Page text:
At least that’s what Ghibli is hoping for, even if Miyazaki himself has expressed some doubts about the strategy.

Rei Inouye, a teaching professor of Japanese at Northeastern, says Miyazaki’s legacy as “one of the pioneers” of anime shouldn’t be underestimated. Miyazaki directed Studio Ghibli’s first film, “Nausicaä of the Valley of the Wind,” in 1984, and ever since his work––and the studio’s work––has become synonymous with artfully animated, obsessively detailed, thematically mature films that can captivate viewers of any age.

“The artistic quality of his animation and also the content, the message that he conveyed through his animation, it’s the combination of that––nothing was comparable,” Inouye says.

His films have often returned to specific yet universal themes over the years––environmentalism, feminism and anti-war sentiments––which have helped them cross over to a global audience. His emphasis on making young girls into protagonists from the outset of his career has also paved the way for future generations of animators.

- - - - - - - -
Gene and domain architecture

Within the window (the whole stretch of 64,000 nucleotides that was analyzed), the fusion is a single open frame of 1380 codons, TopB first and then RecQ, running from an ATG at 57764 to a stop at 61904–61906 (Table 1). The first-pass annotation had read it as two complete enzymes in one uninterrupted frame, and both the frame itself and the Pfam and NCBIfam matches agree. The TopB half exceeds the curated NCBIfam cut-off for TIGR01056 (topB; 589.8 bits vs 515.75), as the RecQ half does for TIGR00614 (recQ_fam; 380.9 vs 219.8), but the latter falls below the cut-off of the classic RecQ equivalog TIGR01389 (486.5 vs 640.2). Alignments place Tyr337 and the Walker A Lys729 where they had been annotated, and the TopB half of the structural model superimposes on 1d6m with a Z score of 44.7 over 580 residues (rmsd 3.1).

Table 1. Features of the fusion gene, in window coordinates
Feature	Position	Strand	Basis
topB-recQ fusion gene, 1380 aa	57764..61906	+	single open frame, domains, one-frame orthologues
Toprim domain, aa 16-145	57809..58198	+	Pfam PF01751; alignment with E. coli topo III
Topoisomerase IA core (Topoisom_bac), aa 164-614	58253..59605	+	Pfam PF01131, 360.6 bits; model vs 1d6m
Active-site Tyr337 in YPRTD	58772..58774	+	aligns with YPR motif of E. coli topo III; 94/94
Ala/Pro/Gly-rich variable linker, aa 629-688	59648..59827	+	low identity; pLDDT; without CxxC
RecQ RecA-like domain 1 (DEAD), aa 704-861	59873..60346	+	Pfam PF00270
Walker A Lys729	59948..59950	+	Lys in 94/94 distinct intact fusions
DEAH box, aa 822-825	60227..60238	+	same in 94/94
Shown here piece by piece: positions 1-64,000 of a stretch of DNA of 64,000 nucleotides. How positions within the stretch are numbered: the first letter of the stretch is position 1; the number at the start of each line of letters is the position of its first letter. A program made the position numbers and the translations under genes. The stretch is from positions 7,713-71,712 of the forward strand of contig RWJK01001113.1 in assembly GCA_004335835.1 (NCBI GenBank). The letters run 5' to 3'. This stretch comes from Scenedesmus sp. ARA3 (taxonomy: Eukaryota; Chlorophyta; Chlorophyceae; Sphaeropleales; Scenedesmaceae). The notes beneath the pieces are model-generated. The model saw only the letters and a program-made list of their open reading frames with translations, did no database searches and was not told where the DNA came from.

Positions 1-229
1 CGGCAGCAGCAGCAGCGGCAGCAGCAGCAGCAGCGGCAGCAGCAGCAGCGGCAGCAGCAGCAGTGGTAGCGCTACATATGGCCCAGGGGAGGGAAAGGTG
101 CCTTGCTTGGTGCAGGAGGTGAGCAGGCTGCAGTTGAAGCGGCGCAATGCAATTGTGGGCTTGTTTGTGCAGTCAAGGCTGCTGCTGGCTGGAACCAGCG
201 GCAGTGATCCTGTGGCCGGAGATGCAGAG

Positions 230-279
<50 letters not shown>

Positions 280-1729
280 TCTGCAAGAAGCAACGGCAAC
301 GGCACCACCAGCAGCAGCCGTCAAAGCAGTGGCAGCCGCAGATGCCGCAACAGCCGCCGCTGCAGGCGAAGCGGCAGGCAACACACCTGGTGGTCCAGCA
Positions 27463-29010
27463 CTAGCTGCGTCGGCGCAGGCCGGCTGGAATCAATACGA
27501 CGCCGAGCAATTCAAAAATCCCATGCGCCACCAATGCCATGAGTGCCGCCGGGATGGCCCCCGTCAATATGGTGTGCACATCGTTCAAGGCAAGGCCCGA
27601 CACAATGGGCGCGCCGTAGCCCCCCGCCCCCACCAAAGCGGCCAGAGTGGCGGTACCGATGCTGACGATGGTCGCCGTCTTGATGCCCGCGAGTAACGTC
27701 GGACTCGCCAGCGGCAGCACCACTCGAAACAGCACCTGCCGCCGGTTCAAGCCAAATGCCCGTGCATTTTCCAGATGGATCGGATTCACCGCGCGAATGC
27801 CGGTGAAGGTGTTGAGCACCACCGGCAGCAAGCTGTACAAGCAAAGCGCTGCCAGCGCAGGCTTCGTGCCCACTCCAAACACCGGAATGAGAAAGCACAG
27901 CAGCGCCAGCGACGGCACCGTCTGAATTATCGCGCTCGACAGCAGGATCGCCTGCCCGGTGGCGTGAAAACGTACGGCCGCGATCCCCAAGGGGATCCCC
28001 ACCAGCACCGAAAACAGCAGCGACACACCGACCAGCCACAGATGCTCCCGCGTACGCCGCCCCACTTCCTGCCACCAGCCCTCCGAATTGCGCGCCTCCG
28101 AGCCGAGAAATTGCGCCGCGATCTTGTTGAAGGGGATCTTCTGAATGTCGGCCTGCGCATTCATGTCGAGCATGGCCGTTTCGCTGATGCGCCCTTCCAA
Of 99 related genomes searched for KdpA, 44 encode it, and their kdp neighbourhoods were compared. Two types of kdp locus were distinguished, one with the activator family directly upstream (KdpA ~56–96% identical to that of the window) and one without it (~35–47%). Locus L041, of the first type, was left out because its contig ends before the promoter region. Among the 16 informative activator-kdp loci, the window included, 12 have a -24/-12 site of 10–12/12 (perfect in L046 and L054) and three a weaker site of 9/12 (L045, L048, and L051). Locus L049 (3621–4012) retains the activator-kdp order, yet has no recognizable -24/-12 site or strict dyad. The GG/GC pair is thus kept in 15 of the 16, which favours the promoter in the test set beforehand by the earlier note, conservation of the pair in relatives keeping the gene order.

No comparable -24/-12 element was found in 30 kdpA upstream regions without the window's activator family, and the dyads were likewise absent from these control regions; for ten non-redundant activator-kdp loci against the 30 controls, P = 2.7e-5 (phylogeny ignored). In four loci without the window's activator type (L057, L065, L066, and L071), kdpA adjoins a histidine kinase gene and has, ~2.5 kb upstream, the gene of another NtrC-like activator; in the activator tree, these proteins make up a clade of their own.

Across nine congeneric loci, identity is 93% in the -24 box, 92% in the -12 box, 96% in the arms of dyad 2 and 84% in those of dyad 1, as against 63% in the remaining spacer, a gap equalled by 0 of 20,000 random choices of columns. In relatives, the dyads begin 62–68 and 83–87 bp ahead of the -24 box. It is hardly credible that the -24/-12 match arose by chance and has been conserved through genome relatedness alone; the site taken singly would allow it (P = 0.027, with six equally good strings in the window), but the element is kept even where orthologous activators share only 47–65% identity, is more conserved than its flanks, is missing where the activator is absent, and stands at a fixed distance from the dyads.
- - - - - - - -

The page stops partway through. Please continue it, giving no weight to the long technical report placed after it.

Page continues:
Inouye says the influence of Miyazaki’s work with Studio Ghibli can be seen throughout the world of anime and animation more broadly: “It’s inevitable,” she says.

At the same time, Miyazaki’s obsessive focus on quality over quantity and feature films marks him as an outlier in the anime industry, which is dominated by a constant churn of quickly produced television shows.